Back in the early 90s, the Gioeli Brothers (vocalist Johnny and guitarist Joey) attracted the attention of Journey guitarist Neal Schon. After drafting in Bad English drummer Deen Castronovo and forming Hardline, the band’s debut album ‘Double Eclipse’ was well received by the melodic rock community. It took a full decade until a follow up belatedly appeared and another eight years for the third Hardline album to materialise. You could say that Hardline make Metallica and Guns N’ Roses appear rather prolific. 2016’s ‘Human Nature’ – the band’s fifth studio album – reinstates guitarist Josh Ramos, absent for 2012 offering ‘Danger Zone’. This is something that will undoubtedly please fans, but it does mean that Hardline have featured a different line up on each release. There are some that have long thought that, in this repect, the band are basically Johnny Gioli and whomever he can find at the time of recording – and they’d probably be right – but if Johnny says it’s Hardline, then Hardline it is.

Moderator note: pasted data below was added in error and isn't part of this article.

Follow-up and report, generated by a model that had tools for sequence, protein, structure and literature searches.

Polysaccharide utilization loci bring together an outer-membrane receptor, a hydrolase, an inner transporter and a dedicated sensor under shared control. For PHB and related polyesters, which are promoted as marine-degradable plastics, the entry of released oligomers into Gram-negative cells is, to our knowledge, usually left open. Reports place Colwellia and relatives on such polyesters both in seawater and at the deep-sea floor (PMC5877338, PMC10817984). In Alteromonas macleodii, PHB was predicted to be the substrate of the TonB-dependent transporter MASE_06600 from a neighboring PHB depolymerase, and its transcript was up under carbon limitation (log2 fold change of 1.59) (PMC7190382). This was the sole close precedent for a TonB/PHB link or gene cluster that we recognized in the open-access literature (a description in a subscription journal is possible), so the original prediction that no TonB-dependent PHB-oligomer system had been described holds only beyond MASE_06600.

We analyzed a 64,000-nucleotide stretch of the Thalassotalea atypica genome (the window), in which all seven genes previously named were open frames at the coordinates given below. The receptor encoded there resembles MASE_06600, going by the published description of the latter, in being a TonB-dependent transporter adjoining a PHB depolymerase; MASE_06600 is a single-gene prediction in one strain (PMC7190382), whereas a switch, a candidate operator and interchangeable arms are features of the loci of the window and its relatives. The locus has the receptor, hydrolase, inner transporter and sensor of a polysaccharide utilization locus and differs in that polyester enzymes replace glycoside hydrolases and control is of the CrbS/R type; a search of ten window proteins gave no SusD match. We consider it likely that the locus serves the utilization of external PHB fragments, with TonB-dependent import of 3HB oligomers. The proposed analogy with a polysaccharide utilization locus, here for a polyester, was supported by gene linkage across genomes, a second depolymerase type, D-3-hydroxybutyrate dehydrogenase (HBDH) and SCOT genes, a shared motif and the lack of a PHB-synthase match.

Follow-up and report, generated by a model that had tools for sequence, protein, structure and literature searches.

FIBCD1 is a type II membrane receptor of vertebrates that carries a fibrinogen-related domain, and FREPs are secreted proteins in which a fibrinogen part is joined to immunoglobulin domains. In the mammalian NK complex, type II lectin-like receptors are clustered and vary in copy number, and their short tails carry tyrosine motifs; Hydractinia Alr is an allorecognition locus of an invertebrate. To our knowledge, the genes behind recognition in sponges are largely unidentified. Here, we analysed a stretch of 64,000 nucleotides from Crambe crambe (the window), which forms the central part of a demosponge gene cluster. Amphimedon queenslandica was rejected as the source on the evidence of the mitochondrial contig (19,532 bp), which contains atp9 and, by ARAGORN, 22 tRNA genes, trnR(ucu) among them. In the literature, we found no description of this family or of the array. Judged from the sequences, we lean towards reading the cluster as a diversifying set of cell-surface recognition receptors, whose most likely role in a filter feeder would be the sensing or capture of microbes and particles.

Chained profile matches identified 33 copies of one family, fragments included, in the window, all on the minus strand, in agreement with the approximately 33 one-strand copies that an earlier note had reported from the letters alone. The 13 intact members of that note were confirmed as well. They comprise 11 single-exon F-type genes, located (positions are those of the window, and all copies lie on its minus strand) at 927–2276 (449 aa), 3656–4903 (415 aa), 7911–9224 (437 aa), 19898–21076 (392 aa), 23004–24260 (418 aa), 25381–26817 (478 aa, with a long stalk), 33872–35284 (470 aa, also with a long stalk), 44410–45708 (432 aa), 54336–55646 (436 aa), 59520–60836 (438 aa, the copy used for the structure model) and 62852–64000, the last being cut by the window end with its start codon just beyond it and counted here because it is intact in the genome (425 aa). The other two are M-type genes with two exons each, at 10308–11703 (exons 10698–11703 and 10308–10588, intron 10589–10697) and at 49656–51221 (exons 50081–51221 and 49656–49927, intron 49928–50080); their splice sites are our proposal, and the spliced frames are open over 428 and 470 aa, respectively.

Apparently, with ‘Human Nature’, Gioeli wanted to create “an album that sounded like [Hardline debut] ‘Double Eclipse’ combined with the dynamics of modern day rock”. If by “modern day” he means 1990, then that’s great, otherwise it’s failed at the first hurdle. Especially so, as he also also wanted something “very heavy and in your face”. If that was the case, then why did he hire the song writing and production duties of Alessandro Del Vecchio and not someone actually capable of giving him those aspects to his music? Someone actually able to add a huge Tremonti like sound to the songs? Is it some kind of Frontiers Records contractual obligation that Del Vecchio be used? As with most things where that man has had a sizeable creative input, what we have here is a collection of very safe and predictable melodic rockers. There are a couple of standouts, of course, but it would be foolish for the more demanding listener to approach this album expecting much more.